What it meant to be pregnant and unwed in the US from 1945 to 1965. Basically, it sucked. But, it sucked for white women and black rather differently. Both were expected to be ashamed, but white women were usually forced into maternity homes, where they could be pregnant in secret, and then give their infant up for a secret adoption (nevertheless, according to a 1957 survey, some ~30% of white women kept their babies). But because there was a demand from prospective adopters for white babies, but not black babies, black women were not offered places in maternity homes, and were expected to raise their babies. Amazingly, white women who petitioned to be allowed to raise their babies were judged unfit by reason of mental instability (after all, what sane woman would ever want to be an unwed mother!), while black women who tried to give their babies up for adoption had a hard time of it--some where even charged with child abandonment! And as for abortions--just by petitioning to have one, a woman proved herself to be so lacking in morality that she deserved the punishment of bearing and raising a child.
So many white unmarried women had the pain of a forced adoption, whereas many black unmarried women had the pain of forced child-rearing. And then, for extra fun, the black women who were forced to keep their children were thought to prove that black people were just naturally so animalistic that they couldn't think straight enough to not have sex and bear lots of babies. And ooh, also, they were the cause of all social programs and poverty in America! Which is particularly funny, cuz most social programs not only paid barely enough to keep people alive, but also, excluded people of color!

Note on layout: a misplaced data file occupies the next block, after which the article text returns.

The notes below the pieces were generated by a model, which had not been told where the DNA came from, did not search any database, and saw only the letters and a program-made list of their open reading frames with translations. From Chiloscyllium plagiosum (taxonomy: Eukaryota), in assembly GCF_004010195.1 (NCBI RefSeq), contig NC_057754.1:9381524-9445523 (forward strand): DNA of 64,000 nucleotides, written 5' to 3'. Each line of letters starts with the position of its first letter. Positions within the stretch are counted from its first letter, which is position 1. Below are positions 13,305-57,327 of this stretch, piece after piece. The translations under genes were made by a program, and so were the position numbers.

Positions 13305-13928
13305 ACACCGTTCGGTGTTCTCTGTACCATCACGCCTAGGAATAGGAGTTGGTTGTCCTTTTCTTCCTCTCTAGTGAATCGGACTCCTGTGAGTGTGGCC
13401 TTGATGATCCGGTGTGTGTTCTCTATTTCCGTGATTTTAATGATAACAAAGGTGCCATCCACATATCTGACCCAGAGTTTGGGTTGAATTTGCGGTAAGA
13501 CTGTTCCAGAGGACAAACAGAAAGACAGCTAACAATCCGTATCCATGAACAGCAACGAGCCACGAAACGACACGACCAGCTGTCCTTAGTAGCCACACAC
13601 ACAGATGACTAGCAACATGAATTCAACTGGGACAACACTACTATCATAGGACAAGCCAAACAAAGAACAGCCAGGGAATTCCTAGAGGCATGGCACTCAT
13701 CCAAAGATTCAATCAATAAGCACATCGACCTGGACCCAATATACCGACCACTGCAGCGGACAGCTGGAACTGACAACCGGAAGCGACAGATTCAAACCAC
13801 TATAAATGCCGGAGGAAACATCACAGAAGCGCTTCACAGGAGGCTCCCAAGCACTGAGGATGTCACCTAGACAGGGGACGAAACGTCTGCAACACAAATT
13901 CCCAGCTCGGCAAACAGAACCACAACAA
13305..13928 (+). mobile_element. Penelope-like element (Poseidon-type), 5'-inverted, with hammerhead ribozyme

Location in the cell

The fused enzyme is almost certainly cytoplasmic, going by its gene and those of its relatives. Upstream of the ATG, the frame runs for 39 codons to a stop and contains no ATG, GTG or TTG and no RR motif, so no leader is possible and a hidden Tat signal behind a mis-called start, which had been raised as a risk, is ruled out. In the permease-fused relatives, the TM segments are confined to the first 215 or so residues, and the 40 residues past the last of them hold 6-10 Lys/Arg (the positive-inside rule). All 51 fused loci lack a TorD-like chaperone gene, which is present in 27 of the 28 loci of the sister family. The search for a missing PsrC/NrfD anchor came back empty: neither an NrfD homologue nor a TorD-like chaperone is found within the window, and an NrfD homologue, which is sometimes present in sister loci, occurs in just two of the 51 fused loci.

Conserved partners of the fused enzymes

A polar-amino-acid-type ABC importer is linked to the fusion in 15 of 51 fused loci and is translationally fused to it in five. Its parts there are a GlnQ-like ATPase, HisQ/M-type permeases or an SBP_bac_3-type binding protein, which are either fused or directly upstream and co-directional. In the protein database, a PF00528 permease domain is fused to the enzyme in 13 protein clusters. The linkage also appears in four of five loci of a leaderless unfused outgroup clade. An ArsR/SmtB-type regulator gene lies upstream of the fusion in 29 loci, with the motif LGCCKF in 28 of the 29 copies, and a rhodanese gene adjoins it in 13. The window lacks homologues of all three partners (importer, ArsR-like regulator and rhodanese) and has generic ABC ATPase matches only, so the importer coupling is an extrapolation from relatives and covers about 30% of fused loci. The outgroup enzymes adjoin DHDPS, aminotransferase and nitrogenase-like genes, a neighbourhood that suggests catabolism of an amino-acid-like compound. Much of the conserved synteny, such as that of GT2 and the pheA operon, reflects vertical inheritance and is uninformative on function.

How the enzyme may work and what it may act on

This was a stunning book, and I pretty much wanted to cry and rage half the time I was reading it. I found it such hard going, in fact, that I ran out of library time and have to return it, having only skimmed the last few chapters. I'm sure there's some important stuff in here that I've missed.
A few quotes I found particularly worthwhile:
"Race, in the end, was the most accurate predictor of an unwed mother's parents' response to her pregnancy; of society's reaction to her plight; of where and how she would spend the months of her pregnancy; and most important, the most accurate predictor of what she would do with the 'fatherless' child she bore, and of how being mother to such a child would affect the rest of her life...race-specific public and private responses to single pregnancy, between 1945 and 1965, have profoundly influenced the race-rent politics of female fertility in our time."
"An unmarried black pregnant girl looking for help in the early decades of the twentieth century could probably have found assistance only within her own family and community. Most maternity homes excluded blacks; most of the few government assistance programs that existed excluded unmarried mothers."
"White illegitimacy was generally not perceived as a 'cultural' or racial defect, or as a public expense, so the stigma suffered by the white unwed mother was individual and familial. Black women, illegitimately pregnant, were not shamed but simply blamed, blamed for the population explosion, for escalating welfare costs, for the existence of unwanted babies, and blamed for the tenacious grip of poverty on blacks in America. There was no redemption possible for these women, only the retribution of sterilization, harassment by welfare officials, and public policies that threatened to starve them and their babies."